We can’t avoid conflict. Every day there are hundreds of situations when people around us , including ourselves touch each other’s boundaries. And it creates interaction which in many cases ends with confrontation and conflict.
Confrontation, problems, and conflict are uncomfortable and we have to deal with them. We all need well-developed skills to handle and to enable conflict. The more skilful we become, the easier and more authentic our life will be. When we pretend that conflict doesn’t exist – we lie; when we avoid it, we simply postpone the problem and make it bigger.
Confrontation (definition): a hostile or argumentative situation or meeting between opposing parties. Synonyms: conflict, clash, brash, fight, battle, contest, encounter, head-to-head, face-off, engagement, tangle, skirmish, collision, meeting, duel, incident, high noon. Confrontation means to meet, to confront, to reinforce or contest any one of the many boundaries around us with our partners, children, neighbours, managers, co-workers, and even our best friends. The list can be endless.
When one of our boundaries (physical, mental, social, spiritual) reaches or breaches another’s person’s boundary, their confrontation happens. And the way we handle such a situation dictates where our life will be problem-free or problematic. I hope it will be helpful while you are reading this article to reflect a little bit on your personal experience.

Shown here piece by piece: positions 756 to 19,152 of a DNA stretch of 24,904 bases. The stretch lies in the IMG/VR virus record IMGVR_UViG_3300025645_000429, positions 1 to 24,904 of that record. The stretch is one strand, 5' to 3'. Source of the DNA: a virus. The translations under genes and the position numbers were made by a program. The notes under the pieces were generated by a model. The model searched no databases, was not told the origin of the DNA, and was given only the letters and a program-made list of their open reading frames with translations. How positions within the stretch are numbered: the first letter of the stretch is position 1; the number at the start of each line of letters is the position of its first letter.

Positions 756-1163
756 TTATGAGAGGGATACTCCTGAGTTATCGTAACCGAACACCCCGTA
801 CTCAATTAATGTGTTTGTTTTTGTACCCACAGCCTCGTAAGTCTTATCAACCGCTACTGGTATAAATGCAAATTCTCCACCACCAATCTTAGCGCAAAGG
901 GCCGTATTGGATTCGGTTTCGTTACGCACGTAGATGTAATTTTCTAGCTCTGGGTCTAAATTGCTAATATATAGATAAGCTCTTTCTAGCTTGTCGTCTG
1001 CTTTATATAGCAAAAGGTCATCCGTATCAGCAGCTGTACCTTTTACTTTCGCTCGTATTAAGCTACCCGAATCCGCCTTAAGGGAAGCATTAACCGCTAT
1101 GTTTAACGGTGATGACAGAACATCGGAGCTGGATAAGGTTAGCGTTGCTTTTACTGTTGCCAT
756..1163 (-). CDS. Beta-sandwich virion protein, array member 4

Firstly, when your boundaries have been reached, breached or challenged, do you react or respond?
To respond means to answer, to reply, explain, to pay attention to what happened. It means to do something considered and thoughtful. To react is to act in response to the trigger, to exercise a similar effect on each other, to resist the action of another by an opposing effect. Again, to respond is to answer, which implies thinking. To react means immediately doing something without thinking or pause. Reacting and responding are not the same.
Unfortunately when people tend to react, often they end up re-acting, which means they react in the same way again and again. The picture of re-acting is a mindless repetitive drama: same words, same emotions, same expectations, same accusations, etc.
Secondly, do you choose to be co-operative, collaborative or competitive?
As a consequence, this choice creates problems which can be co-operative, collaborative or competitive.
Co-operation requires flexibility and tendency to find a solution when two boundaries meet.
Collaboration is required when we are working with somebody towards a common goal, and we are not necessarily friendly with him. A short definition of collaboration is “to work willingly with the enemy”.
Competition leads to big problems and incapacity to find common ground. It is a field where each participant fights a lot for his boundaries. It is a direct way to conflict, the father of all problems.
Conflict chain: competition, action, reaction, and chain reaction. What’s next? The WAR!
Your patterns of dealing with conflict can be learned, pattered or subconscious. If at this stage of your life they are dysfunctional, it means it’s time to reconsider them and build a new set of skills.Confrontation is the lifeblood of normality, says David Bogan. And I strongly recommend his book: “What’s keeping you awake all night?”
1. What’s keeping you awake all night, by David Bogan
2. Conflict Resolution for Couples, by Paul R. Shaffer
3. Communication Miracles for Couples: Easy and Effective Tools to Create More Love and Less Conflict, by Jonathan Robinson